For the GTA-mediated gene transfer experiments, the samples were divided into replicate treatment and controls and then amended with either concentrated GTA particles for the treatment or an equal volume of sterile SM buffer for the controls. GTAs were added at a concentration to achieve an estimated MOI of ten for the High MOI and 0.01 for the low MOI. The actual MOI was calculated based on the ambient bacterial counts and the known concentration of the GTA preps. Ambient viral and bacterial counts were determined from samples preserved with glutaraldehyde, frozen in liquid nitrogen and enumerated upon return to the lab using flow cytometry as previously described .
For the GTA experiments, the samples were plated on marine agar supplemented with peptone and yeast extracts . Plates without antibiotics were used to enumerate the number of culturable bacteria expressed as the number of colony-forming units per milliliter of sample (CFU ml−1). The samples were also plated on the same nutrient agar containing 1 mg ml−1 of Kanamycin for the single antibiotic treatment and 1 mg ml−1 of Kanamycin and 1 mg ml−1 Streptomycin for the double antibiotic treatment. The number of CFU ml−1 detected from the untreated samples determined the level of spontaneous antibiotic resistance. This level was compared to the antibiotic resistant CFU ml−1 for the GTA-treated samples. The frequency of antibiotic resistance was calculated by dividing the number of antibiotic resistant CFU ml−1 by the total culturable CFU ml−1. Gene transfer was considered to have occurred when there was a statistically significant increase in antibiotic resistance in the GTA treated samples in comparison to the controls. A subset of the antibiotic resistant colonies, both GTA treated and spontaneous revertants, were picked and grown in liquid. The isolates that grew were centrifuged and the cellular DNA extracted from the cell pellet using either the ArchivePure DNA extraction kit (5 Prime, www.5prime.com) or the Wizard Genomic DNA kit (Promega, www.promega.com) according to the manufacturer's instructions. Transfer of the Tn5 Streptomycin kinase gene via GTA to a proportion of the treated isolates and its absence in the spontaneous revertants was verified by both PCR and sequencing of the amplicons as previously described .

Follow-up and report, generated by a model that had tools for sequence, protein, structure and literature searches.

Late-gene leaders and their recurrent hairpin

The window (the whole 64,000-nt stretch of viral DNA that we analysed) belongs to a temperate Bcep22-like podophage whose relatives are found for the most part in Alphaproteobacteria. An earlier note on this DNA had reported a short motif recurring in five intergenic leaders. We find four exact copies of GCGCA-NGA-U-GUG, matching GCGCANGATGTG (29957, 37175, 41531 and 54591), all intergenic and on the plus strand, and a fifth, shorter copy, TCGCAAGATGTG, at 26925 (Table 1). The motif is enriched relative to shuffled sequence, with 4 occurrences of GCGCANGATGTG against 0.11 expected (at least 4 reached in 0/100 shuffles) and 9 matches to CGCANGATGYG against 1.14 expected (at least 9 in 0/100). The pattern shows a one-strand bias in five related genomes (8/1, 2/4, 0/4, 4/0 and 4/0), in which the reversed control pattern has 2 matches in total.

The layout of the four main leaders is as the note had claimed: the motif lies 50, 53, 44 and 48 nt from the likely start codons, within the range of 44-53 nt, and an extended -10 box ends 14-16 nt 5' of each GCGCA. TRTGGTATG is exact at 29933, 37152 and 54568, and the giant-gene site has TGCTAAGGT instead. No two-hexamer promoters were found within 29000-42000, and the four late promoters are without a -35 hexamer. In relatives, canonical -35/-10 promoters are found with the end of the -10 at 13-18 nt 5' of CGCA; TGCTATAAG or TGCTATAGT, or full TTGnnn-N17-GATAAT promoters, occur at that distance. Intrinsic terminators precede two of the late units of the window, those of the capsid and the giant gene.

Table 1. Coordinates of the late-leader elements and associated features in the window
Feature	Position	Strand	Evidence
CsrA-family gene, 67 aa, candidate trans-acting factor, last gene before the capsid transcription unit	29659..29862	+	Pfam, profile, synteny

For prophage induction, duplicate samples were split into treatment and control flasks. Treatment flasks were amended with Mitomycin C to a final concentration of 1 μg ml−1 and no amendment for the controls. All samples were incubated at ambient temperature in the dark for 24 hours. For determination of lysogeny by prophage induction, triplicate Mitomycin C treatment and control samples were preserved with glutaraldehyde and frozen in liquid nitrogen. Viral and bacterial counts for both the treatment and control samples were determined by flow cytometry as above. Prophage induction was indicated by a statistically significant increase in viruses in the Mitomycin C amended samples in comparison to their paired controls.